According to a Harris Interactive poll, about 36 percent of all couples aged 55–64 argue about money. That’s the highest percentage in any age group and significant because people in that age bracket are either retired early or thinking about the day that they may stop working.

Most life and financial transitions are difficult and stress producing, but nothing is a stronger prediction of divorce than financial disagreements, according to university researchers. If you are one of the couples involved in heated money conversations, try some of these ideas to reduce or eliminate the tension.

First, discover the source of the tension.

Is it about differences in spending habits, how much financial help to give to children or aging parents, investment styles, or is it simply about uncertainty? Uncertainty over whether you can afford to retire, spend as much as you’d like to or travel as much as you had hoped are frequent subliminal stress causes.

Get it all on the table and let the numbers do the talking. You may find that your partner’s desire to spend like every day is Saturday is OK because your savings and retirement income is adequate to get you to the finish line. On the other hand, a good forecast of future earning and spending may reveal that you need to work longer, spend less or plan on leaving nothing to your children.

No conclusion is bad and few are irreversible. You simply need to know and then develop the proper course of corrective action.

Families frequently split the financial duties of the household such as paying bills, investing and dealing with the financial professionals. This frequently leaves at least one spouse in the dark with respect to some critical elements of the family’s personal financial picture.

There are two ways to get your spouse out of the dark, anxious place of not knowing. First is to hire a professional to lay everything out for you. The other is the do-it-yourself method, switching roles for at least a brief period. If you’ve never reviewed the investment statements or paid the bills for the household, doing either for at least a brief period may shed some light on the source of your consternation.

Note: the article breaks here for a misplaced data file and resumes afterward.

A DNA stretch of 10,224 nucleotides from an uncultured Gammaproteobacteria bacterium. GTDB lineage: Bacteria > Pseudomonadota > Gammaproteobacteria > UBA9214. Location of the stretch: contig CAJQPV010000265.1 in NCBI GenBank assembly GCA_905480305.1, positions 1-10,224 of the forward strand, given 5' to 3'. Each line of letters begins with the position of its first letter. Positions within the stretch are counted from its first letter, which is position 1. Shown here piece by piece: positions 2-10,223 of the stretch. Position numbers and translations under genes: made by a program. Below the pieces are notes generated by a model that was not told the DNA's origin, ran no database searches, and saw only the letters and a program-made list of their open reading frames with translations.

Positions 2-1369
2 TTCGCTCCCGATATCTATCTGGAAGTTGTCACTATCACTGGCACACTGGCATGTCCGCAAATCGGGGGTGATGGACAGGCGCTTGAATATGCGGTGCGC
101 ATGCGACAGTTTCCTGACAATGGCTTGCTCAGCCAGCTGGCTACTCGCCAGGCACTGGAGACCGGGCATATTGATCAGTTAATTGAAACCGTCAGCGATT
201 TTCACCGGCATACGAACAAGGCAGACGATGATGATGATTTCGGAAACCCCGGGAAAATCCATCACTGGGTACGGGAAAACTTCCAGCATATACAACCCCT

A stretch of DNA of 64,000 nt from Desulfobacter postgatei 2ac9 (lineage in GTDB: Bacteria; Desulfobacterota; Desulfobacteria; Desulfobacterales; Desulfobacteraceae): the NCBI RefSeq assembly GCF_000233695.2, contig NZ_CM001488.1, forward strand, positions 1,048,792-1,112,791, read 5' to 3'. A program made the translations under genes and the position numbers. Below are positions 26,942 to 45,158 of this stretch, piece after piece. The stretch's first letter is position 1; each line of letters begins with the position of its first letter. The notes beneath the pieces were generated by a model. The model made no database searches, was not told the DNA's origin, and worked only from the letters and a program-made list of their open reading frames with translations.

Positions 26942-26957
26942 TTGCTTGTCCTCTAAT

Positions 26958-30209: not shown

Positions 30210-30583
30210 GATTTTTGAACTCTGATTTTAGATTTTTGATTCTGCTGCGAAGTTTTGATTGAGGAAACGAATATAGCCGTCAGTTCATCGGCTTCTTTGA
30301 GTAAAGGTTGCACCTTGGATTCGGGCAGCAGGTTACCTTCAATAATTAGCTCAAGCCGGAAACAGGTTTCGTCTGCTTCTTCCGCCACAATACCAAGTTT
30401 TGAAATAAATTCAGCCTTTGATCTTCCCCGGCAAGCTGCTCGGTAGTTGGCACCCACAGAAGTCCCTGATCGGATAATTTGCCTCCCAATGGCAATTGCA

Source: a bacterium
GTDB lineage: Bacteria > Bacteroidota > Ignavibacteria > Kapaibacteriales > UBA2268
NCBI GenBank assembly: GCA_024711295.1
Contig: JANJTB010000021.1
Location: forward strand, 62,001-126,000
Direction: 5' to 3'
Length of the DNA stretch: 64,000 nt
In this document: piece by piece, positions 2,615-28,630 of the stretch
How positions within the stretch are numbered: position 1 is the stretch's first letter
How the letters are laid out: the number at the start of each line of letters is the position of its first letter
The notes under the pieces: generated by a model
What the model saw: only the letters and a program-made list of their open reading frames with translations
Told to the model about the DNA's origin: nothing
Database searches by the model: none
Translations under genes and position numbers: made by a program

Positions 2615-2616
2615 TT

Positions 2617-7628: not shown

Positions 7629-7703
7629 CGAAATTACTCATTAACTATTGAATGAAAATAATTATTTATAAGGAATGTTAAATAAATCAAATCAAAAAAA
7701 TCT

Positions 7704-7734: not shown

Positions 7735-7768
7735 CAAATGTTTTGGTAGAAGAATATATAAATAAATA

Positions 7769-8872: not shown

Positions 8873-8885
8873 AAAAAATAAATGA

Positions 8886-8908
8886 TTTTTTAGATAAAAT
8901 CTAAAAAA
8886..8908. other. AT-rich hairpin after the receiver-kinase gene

Blended families with children from previous marriages may complicate these money battles. Support for a child, now or upon the passing of either spouse can be a topic that is often avoided. Nothing may be worse than a surprise in the estate to either the children or the new spouse.

What would be worse: disinheriting your children because your simple will leaves everything to your new spouse, or disinheriting your new spouse because your old will sends everything to your adult child?

Good planning now can eliminate past, present and future battles about money whether you are dead or alive.

John P. Napolitano CFP, CPA is CEO of U. S. Wealth Management in Braintree, Mass.  Visit JohnPNapolitano on LinkedIn or uswealthnapolitano.com. The opinions voiced in this material are for general information only and are not intended to provide specific advice or recommendations for any individual. John Napolitano is a registered principal with and securities offered through LPL Financial, Member FINRA/SIPC. Investment advice offered through US Financial Advisors, a Registered Investment Advisor. US Financial Advisors and US Wealth Management are separate entities from LPL Financial. He can be reached at 781-849-9200.